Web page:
We have seen how the common weal is set up to be the paramount end of individual action, and how it is required of each to subordinate his interests and his conduct to society. Now, this line of argument is possible only by ignoring the vital distinction between the social and individual organism. As Spencer says: Society exists for the benefit of its members, not its members for the benefit of society. It has ever to be remembered that, great as may be the efforts made for the prosperity of the body politic, yet the claims of the body politic are nothing in themselves, and become something only in so far as they embody the claims of its component individuals. (Sociology, vol. I, third ed., p. 450).

Another distinction, equally important, is lost sight of by the Fabian philosophers. I refer to the difference between the needs of a military form of social organization and the industrial type. The former represents a temporary, imperfect, and undesirable stage of social evolution, the latter a permanent, necessary, and wholly desirable condition. The one necessitates a highly centralized, regulating system and great subordination of the individual members, and the degree to which this is carried is the measure of its perfection. Judged by temporary requirements, it becomes the highest type. But the other, the industrial form of organization, which is the ideal type, requires quite the opposite conditions. The industrial regulating system evolves as a separate and independent function from the central or political authority. This kind of society is to be judged by the degree of voluntary interdependence and the freedom from all authority and enforced regulation which its members, both individually and collectively, attain. And, to again quote Spencer’s words, relatively to their ultimate requirements societies become high in proportion to the evolution of their industrial systems, and not in proportion to the evolution of their centralized regulating systems fitting them for carrying on war. (P. 587, ibid.)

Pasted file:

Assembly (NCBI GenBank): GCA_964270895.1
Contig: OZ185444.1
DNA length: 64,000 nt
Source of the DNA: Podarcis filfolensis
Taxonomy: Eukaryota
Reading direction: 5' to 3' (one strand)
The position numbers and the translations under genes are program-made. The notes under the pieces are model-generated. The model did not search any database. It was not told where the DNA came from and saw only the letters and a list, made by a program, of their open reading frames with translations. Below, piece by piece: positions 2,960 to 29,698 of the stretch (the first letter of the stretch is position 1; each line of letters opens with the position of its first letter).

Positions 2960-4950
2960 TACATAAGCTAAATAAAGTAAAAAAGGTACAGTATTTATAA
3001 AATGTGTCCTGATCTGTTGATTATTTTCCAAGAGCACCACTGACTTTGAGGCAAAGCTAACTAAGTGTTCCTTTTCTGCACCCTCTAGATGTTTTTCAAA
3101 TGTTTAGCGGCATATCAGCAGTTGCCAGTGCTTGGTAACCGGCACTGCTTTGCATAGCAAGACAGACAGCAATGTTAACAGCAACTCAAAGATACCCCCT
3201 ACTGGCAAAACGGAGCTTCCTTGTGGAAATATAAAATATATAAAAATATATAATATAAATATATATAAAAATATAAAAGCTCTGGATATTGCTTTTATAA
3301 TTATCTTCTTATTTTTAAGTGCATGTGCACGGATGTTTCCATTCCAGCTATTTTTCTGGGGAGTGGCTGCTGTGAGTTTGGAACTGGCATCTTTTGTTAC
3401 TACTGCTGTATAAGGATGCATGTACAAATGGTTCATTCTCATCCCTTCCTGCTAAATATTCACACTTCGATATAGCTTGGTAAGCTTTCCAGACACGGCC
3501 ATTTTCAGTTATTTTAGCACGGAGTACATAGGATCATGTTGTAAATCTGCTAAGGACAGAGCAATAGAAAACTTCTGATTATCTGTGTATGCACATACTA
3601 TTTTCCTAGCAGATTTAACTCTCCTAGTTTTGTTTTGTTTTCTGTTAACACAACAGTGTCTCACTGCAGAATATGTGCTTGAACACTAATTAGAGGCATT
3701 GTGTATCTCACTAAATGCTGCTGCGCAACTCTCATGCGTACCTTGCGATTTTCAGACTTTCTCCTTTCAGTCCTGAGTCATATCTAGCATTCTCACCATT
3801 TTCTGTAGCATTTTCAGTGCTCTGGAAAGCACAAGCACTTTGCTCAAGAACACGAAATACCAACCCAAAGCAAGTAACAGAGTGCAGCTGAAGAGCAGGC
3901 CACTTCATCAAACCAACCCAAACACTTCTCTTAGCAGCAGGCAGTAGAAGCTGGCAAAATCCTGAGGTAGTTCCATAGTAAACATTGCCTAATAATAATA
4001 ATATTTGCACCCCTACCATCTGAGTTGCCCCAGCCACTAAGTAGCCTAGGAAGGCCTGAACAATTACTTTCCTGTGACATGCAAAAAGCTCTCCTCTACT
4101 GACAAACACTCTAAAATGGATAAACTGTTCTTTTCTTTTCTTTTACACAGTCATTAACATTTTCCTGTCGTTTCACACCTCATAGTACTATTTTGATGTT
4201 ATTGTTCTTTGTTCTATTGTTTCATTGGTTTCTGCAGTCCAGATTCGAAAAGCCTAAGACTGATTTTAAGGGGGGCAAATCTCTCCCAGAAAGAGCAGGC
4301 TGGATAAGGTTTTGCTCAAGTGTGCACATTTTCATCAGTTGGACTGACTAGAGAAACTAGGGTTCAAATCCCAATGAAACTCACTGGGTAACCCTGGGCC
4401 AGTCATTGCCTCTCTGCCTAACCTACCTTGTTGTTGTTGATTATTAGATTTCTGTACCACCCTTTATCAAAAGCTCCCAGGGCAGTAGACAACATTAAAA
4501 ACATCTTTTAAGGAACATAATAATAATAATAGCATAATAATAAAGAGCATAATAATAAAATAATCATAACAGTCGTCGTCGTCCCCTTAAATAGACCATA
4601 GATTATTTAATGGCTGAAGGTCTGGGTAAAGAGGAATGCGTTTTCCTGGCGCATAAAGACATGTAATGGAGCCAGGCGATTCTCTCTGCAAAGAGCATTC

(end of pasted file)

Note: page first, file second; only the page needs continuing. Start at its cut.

So that, looking at the social organism from whatever point we choose, we are driven to reject the theory of development which Mr. Webb and all other Nationalizers attempt to weave around social evolution. It were much better for these good folk to give up all attempts to establish in the name of evolution the fallacies for which they claim scientific truth.

Wm. Bailie.

This article is part of a serial: Problems of Anarchism.